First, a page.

Oct. 8th, 2014

hoveringsombrero: (Default)
A secret little (mostly naughty) group on fb had a discussion post regarding jealousy today, as in how do you deal with it. I put a lot of thought into my replies and thought that they needed to be saved in journal.

Though I have opined at length on this subject before, I don't believe I have written out the exact steps I use to deal, and sometimes I ignore the process and just be a dramaball and start a fight. So this will also serve as a good reminder to self.

My first comment:

I had serious jealousy issues when I was younger (17-25), and at the same time that I was attempting my beginning foray into responsible non-monogamy. I decided jealousy was a character flaw that I just needed to be stronger than, or tough guy it out. Which made things fester, which made me feel worse, which contributed to the erosion of more than one relationship.

As I aged I came to realise that when these feelings were felt I needed to confront and dissect them. And discovered (for me at least) that jealousy is always creative excuses for insecurity (excepting when it turned out not to be jealousy at all but me sub-consciously noticing something was going pear shaped).

So by most outward appearances I haven't a shred of jealousy about me. However, the reality is that I've just gotten good at acknowledging/confronting the feels and finding what insecurity is spawning it and address that.

tl;dr: Early 20s me thought that If I ignored it long enough it'd go away, older me has accepted it as being human and developed ways to address it.


And then ...

Rereading my own comment I also notice that my summation makes it sound as thought it was easy. It wasn't; it isn't. It's never easy or comfortable to grab a bit of your own insecurity and interrogate it. Though many people have told me that they believe I'm a master of this skill, it's probably an ongoing process. Maintaining self-awareness requires work and uncomfortable realisations.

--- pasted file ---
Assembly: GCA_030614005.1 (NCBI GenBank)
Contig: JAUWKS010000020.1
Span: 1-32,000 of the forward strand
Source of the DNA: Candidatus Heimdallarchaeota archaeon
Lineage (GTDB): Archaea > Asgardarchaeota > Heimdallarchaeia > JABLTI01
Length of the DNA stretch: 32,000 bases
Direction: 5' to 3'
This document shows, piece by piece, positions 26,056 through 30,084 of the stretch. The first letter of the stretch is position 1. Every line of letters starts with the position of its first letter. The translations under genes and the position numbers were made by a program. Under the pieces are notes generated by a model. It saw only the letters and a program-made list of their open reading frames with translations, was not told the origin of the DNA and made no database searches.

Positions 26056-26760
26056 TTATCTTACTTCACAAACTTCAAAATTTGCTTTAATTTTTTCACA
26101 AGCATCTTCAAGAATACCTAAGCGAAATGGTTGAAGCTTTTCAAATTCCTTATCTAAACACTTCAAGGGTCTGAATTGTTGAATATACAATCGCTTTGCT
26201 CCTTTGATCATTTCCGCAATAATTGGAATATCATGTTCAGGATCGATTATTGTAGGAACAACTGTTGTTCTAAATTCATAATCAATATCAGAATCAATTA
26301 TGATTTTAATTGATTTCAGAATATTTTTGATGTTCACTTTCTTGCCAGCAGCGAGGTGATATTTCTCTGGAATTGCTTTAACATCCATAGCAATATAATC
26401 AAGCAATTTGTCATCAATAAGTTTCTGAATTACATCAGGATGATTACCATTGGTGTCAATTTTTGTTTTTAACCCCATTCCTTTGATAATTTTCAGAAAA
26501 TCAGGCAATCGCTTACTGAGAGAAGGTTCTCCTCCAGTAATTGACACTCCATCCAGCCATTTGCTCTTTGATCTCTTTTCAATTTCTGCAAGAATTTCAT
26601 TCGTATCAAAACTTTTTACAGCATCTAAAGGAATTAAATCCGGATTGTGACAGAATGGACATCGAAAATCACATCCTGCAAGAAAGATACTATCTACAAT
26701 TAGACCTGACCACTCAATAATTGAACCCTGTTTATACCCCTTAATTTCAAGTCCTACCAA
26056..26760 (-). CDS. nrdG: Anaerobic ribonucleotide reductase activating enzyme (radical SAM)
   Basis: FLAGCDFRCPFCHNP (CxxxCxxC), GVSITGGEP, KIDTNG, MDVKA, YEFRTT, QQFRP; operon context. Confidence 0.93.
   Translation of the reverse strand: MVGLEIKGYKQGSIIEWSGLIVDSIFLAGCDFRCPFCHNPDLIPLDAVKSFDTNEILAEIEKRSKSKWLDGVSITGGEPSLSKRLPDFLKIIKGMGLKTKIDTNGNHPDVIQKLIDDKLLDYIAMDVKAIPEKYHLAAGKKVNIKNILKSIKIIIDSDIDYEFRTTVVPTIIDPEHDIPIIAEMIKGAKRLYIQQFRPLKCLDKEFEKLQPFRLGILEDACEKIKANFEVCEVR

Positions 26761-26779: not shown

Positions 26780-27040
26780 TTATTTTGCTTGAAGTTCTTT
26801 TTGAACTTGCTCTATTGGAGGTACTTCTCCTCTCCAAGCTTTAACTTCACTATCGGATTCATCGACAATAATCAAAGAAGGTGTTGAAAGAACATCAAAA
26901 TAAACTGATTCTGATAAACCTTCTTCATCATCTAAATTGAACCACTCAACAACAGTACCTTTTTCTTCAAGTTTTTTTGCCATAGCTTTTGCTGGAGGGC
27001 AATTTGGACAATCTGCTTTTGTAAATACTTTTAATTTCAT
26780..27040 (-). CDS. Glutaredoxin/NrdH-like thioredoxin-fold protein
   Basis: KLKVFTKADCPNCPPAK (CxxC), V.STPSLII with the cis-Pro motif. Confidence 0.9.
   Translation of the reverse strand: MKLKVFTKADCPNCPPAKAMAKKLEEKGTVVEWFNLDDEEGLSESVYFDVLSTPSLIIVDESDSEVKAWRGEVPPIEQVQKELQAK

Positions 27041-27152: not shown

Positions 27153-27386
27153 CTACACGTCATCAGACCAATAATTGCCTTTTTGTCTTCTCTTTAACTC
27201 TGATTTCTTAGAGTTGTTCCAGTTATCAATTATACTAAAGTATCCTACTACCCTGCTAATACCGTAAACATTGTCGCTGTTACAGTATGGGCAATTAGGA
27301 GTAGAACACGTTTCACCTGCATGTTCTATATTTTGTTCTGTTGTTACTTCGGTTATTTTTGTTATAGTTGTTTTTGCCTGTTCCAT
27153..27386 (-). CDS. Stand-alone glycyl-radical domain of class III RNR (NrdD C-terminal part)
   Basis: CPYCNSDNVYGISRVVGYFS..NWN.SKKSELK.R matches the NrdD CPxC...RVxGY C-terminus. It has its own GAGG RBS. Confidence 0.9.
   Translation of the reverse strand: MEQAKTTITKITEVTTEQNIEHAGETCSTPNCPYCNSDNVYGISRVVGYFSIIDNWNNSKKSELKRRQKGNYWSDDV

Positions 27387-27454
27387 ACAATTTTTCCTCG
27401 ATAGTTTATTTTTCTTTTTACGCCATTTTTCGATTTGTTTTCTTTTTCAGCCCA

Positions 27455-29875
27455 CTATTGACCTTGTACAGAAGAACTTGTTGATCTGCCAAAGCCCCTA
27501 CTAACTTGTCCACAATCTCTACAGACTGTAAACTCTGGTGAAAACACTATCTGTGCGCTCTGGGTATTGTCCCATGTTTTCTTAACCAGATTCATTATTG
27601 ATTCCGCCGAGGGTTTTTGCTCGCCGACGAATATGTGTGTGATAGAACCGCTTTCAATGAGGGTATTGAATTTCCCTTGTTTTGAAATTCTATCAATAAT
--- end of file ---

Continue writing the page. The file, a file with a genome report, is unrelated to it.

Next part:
The above applies to a lot of things; it has recently been a bit of a topic of discussion with some friends about being objective regarding political or ethical/moral issues. I am guilty of sometimes scoffing and those unable to see multiple sides of an issue or put themselves in another's shoes; forgetting that this is a hard learned skill that requires constant maintenance. And which also involves a lot of uncomfortable self-confrontation.

And finally, I wrote out my steps:

My personal process:

1. Admit what I'm feeling, stop ignoring it because it's uncomfortable and I think it's silly. This is the worst part for me, like purposely poking an open wound, every instinct wants me to just shy away from it, avert my eyes.

2. Identify the incident or action from which this feeling spawned and determine whether the source is external or internal. As in was there an actual slight that occurred, or did my insecurities translate something benign into an issue? Possibly because it was similar to a real issue in the past and insecure brain likes to wildly jump to conclusions.

3. Based on conclusions above, TALK TO SOMEONE. If there was at least a slight external factor then talk to the person with which I'm involved. Tell them, "When you did this/when this happened, I felt this." Acknowledge that while the bulk of the responsibility is on me to decide how I react to a thing, I'm not the only one in the *ship, other person likely cares that I am hurt, even if irrational.

If it's absolute, complete crazy brain, possibly still tell other party "I'm having an insecure moment, can I have a hug?" and then find unrelated close friend to vent to.

When it's something that is entirely my fault, like I reacted to a completely innocuous thing, I feel like it's counterproductive to tell the other party "I felt like an ugly, ignored cow because you used the word 'the' to someone other than me!" Because how are they going to stop saying "the"? That's preposterous and MY issue. But I find it still incredibly helpful to express the "I felt like ___ because ___" to someone because it completes the process which began in #1. These are my feels, though they may be crazy and illogical, they're MY feels, I felt them, I can't unfeel them, I have to deal with this now.


I should possibly print and laminate these steps and keep them in my wallet to remind myself, maybe.

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hoveringsombrero

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